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Q3 Earnings Highs And Lows: Workday (NASDAQ:WDAY) Vs The Rest Of The Finance and HR Software Stocks


Jabin Bastian /
2022/01/20 5:57 am EST
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Heading into the new earnings season, we look at the numbers and key takeaways for the finance and HR software stocks, including Workday (NASDAQ:WDAY) and its peers.

Organizations are constantly looking to improve organizational efficiencies, whether it is financial planning, tax management or payroll. Finance and HR software benefit from the SaaS-ification of businesses, large and small, who much prefer the flexibility of cloud-based, web-browser delivered software paid for on a subscription basis than the hassle and expense of purchasing and managing on-premise enterprise software.

The 17 finance and HR software stocks we track reported a strong Q3; on average, revenues beat analyst consensus estimates by 6.37%, while on average next quarter revenue guidance was 4.1% above consensus. Tech stocks have had a rocky start in 2022 and finance and HR software stocks have not been spared, with share price down 27.6% since earnings, on average.

Workday (NASDAQ:WDAY)

Founded by industry veterans Aneel Bushri and Dave Duffield after their former company PeopleSoft was acquired by Oracle in a hostile takeover, Workday (NASDAQ:WDAY) provides cloud-based software for organizations to manage and plan finance and human resources.

Workday reported revenues of $1.32 billion, up 20% year on year, beating analyst expectations by 1.19%. It was a decent quarter for the company, with revenue in line with analyst expectations.

“We delivered another strong quarter as we continue to expand our addressable market through our diverse product portfolio and multiple go-to-market levers, helping to support our sustained growth,” said Aneel Bhusri, co-founder, co-CEO, and chairman, Workday.

Workday Total Revenue

Workday delivered the smallest earnings surprise of the whole group. The stock is down 16.5% since the results and currently trades at $249.40.

Is now the time to buy Workday? Access our full analysis of the earnings results here, it's free.

Best Q3: Marqeta (NASDAQ:MQ)

Founded by CEO Jason Gardner in 2009, Marqeta (NASDAQ: MQ) is an innovative card issuer that provides companies with the ability to issue and process virtual, physical, and tokenized credit and debit cards.

Marqeta reported revenues of $131.5 million, up 56% year on year, beating analyst expectations by 10.3%. It was an incredible quarter for the company, with a significant improvement in gross margin and an impressive beat of analyst estimates.

Marqeta Total Revenue

The stock is down 50% since the results and currently trades at $12.50.

Is now the time to buy Marqeta? Access our full analysis of the earnings results here, it's free.

Weakest Q3: Ceridian (NYSE:CDAY)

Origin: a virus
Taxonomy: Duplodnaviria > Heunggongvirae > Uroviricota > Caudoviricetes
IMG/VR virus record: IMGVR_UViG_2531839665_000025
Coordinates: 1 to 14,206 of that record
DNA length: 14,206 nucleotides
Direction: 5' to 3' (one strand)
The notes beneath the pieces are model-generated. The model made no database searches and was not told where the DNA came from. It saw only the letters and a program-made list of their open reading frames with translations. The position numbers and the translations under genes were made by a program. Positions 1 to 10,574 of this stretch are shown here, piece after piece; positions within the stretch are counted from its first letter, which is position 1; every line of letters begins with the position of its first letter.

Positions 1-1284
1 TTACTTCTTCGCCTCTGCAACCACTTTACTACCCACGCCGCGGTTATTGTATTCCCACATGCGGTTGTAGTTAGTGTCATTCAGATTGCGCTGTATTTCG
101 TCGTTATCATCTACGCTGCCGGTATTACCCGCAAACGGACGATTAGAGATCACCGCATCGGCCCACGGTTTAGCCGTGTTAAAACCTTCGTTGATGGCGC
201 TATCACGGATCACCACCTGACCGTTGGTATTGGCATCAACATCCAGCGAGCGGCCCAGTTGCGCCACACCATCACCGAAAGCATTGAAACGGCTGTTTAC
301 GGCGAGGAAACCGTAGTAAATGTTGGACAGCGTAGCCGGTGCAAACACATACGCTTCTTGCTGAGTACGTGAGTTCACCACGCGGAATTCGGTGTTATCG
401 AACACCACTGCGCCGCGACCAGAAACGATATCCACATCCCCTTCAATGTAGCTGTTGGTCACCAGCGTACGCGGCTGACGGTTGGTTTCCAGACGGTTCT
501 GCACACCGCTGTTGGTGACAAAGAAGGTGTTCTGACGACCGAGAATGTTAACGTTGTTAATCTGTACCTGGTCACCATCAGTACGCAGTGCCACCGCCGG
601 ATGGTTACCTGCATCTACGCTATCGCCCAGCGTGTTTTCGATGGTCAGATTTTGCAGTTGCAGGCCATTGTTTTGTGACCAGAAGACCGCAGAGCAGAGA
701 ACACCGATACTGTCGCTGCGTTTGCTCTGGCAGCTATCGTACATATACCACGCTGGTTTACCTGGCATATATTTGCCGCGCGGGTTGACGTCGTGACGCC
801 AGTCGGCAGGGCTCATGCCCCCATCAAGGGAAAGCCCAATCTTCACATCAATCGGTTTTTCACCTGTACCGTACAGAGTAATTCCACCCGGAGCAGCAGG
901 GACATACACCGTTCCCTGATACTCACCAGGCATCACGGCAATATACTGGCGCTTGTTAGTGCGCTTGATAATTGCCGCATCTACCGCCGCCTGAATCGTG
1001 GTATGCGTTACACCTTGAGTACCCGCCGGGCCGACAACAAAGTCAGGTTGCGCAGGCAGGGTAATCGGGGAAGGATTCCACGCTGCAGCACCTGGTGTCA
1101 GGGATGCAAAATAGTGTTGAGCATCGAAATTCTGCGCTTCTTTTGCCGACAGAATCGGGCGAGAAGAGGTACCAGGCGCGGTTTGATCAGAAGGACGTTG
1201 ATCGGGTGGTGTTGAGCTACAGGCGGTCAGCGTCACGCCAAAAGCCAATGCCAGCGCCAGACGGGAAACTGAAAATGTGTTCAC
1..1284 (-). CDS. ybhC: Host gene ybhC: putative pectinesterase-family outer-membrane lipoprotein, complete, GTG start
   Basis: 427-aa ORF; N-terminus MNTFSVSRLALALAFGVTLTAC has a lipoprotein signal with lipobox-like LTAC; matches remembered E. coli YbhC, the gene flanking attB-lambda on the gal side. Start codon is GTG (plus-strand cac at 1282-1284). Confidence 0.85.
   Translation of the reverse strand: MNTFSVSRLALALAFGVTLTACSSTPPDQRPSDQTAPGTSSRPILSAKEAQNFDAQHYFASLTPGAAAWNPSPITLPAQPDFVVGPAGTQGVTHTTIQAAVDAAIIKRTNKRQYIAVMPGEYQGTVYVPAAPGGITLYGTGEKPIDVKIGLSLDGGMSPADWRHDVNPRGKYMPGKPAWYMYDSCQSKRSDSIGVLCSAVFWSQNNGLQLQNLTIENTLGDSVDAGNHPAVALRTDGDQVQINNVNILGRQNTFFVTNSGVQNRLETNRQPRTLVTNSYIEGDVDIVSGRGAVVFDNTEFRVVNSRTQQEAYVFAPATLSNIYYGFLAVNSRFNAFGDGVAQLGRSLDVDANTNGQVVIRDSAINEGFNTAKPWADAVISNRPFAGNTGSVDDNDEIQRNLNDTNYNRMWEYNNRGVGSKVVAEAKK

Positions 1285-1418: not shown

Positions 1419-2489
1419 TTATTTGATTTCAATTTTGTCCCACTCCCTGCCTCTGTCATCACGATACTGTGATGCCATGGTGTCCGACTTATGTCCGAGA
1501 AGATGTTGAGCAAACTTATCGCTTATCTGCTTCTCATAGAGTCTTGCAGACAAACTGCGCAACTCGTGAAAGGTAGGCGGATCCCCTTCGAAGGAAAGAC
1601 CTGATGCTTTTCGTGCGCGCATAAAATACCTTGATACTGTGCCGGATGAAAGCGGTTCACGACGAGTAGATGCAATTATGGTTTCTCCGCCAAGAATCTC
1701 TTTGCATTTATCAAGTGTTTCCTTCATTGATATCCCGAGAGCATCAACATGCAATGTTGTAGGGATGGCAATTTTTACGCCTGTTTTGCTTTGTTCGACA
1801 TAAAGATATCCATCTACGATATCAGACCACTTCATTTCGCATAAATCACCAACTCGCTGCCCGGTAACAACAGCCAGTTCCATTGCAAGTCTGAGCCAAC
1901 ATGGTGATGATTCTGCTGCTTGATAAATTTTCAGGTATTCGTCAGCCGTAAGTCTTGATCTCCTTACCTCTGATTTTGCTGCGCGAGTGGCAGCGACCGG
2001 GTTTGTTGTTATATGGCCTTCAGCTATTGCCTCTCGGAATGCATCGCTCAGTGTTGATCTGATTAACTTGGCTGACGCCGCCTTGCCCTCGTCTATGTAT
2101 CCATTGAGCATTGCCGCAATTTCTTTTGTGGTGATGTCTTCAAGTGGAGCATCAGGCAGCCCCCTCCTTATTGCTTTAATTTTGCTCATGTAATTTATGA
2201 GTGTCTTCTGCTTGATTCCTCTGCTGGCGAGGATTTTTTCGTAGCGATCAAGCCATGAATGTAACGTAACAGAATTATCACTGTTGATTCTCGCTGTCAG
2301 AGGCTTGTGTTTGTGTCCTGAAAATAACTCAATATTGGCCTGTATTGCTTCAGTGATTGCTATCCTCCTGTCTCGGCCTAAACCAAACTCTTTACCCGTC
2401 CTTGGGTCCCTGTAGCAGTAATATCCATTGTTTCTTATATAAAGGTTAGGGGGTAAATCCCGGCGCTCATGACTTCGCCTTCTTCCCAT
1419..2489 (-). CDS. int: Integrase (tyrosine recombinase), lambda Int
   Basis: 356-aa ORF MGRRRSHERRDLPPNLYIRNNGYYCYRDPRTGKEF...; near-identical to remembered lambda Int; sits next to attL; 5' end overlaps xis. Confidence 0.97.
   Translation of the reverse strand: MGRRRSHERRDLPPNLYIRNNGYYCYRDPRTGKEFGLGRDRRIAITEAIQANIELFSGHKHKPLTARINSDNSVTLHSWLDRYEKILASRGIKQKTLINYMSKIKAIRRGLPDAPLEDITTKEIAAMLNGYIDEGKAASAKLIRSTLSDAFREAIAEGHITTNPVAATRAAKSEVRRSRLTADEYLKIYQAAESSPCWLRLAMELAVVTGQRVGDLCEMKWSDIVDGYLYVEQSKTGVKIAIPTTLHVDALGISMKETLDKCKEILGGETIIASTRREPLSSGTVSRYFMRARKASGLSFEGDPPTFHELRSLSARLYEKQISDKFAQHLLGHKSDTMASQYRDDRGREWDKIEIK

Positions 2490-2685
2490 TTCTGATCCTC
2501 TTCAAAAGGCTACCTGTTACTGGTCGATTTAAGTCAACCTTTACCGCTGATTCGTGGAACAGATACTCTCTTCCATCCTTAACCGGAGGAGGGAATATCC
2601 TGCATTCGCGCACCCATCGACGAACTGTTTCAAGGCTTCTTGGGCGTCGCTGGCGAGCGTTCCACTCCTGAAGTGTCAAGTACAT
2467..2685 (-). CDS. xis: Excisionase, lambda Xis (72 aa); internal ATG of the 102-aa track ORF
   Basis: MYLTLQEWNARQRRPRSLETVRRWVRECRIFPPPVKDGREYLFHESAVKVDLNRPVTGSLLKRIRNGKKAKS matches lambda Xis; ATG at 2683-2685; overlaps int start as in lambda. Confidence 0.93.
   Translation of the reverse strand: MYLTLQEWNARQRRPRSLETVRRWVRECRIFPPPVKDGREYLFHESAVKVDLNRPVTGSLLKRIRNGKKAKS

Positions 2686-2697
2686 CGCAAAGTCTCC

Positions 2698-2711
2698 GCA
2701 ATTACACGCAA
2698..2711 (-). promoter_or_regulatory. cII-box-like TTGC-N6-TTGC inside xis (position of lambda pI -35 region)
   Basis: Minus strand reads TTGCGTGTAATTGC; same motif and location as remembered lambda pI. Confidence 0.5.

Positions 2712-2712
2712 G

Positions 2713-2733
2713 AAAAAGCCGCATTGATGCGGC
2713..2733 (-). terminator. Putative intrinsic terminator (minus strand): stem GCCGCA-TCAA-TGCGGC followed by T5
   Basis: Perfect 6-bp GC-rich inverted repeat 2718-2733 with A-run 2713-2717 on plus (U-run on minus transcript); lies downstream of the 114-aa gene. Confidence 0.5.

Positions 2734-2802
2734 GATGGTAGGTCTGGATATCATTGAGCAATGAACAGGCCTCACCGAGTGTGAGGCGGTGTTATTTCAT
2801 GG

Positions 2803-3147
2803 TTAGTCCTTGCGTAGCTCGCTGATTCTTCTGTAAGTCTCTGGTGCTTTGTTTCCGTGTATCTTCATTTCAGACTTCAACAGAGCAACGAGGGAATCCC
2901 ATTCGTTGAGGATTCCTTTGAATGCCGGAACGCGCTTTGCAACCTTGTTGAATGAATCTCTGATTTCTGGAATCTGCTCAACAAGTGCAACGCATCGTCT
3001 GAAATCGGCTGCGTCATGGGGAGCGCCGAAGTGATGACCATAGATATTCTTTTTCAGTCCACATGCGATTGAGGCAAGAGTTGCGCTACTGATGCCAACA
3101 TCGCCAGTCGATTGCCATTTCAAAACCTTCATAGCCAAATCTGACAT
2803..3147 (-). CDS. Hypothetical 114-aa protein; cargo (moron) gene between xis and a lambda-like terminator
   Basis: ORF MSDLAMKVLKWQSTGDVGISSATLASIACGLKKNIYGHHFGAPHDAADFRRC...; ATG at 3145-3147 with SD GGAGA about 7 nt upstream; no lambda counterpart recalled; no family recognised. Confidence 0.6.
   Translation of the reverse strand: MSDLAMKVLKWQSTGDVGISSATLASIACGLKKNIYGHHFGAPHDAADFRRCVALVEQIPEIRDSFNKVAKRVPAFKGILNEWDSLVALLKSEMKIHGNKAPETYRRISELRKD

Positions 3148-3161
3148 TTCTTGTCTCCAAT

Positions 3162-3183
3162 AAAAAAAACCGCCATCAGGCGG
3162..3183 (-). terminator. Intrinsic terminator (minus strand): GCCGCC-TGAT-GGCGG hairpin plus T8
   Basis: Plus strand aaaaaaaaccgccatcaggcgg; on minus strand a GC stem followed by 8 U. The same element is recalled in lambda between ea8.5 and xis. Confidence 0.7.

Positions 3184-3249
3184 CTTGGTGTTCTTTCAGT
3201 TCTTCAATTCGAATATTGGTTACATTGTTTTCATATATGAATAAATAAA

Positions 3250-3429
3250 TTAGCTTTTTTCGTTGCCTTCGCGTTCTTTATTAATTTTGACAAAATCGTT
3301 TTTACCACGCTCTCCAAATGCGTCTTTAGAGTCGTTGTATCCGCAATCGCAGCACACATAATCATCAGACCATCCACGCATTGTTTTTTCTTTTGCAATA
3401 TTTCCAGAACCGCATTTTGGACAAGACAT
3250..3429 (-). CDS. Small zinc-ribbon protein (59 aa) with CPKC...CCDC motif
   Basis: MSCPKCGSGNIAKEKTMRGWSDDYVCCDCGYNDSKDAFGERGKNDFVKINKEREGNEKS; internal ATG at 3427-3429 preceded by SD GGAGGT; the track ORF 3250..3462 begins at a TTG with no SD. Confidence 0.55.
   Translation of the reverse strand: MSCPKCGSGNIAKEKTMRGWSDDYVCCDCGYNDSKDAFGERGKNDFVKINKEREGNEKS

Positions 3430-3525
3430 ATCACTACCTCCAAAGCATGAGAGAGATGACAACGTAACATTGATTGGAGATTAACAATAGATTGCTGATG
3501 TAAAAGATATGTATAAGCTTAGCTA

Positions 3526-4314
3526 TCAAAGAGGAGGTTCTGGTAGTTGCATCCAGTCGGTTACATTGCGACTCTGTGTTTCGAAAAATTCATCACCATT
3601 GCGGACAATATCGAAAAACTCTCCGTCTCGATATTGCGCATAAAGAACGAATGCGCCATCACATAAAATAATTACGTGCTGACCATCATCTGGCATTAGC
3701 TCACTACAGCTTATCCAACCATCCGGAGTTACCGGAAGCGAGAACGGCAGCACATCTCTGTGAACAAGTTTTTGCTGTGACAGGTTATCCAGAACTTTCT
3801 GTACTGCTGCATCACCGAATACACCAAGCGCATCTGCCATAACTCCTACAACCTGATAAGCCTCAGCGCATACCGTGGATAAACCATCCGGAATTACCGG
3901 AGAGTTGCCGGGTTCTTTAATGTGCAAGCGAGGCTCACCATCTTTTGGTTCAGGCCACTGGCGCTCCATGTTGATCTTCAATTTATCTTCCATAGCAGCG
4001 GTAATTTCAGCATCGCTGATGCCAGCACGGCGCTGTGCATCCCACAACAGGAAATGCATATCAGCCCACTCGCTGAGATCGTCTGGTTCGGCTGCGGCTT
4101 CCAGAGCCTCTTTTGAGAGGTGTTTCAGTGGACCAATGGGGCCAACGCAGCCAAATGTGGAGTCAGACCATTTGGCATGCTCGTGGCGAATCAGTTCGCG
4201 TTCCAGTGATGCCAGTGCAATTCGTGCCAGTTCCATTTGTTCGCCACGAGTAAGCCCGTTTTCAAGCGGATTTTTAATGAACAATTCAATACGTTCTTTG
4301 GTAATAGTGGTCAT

Founded in 1992 as an outsourced payroll processor and transformed after the 2012 acquisition of Dayforce, Ceridian (NYSE:CDAY) is a provider of cloud based payroll and HR software targeted at mid-sized businesses.

Ceridian reported revenues of $257.2 million, up 25.8% year on year, beating analyst expectations by 1.19%. It was a weaker quarter for the company, with a decline in gross margin and decelerating customer growth.

Ceridian had the weakest full year guidance update in the group. The company added 63 customers to a total of 5,227. The stock is down 38.1% since the results and currently trades at $79.40.

Read our full analysis of Ceridian's results here.

Intuit (NASDAQ:INTU)

Created in 1983 when founder Scott Cook watched his wife struggle to reconcile the family's checkbook, Intuit provides tax and accounting software for small and medium-sized businesses.

Intuit reported revenues of $2 billion, up 51.7% year on year, beating analyst expectations by 10.6%. It was a very strong quarter for the company, with an impressive beat of analyst estimates.

The stock is down 13.2% since the results and currently trades at $547.07.

Read our full, actionable report on Intuit here, it's free.

Bill.com (NYSE:BILL)

Started by René Lacerte in 2006 after selling his previous payroll and accounting software company PayCycle to Intuit, Bill.com (NYSE:BILL) is a software as a service platform that aims to make payments and billing processes easier for small and medium-sized businesses.

Bill.com reported revenues of $116.4 million, up 151% year on year, beating analyst expectations by 10.7%. It was a stunning quarter for the company, with an impressive beat of analyst estimates.

Bill.com scored the fastest revenue growth among the peers. The company added 5,600 customers to a total of 126,800. The stock is down 43% since the results and currently trades at $167.05.

Read our full, actionable report on Bill.com here, it's free.

The author has no position in any of the stocks mentioned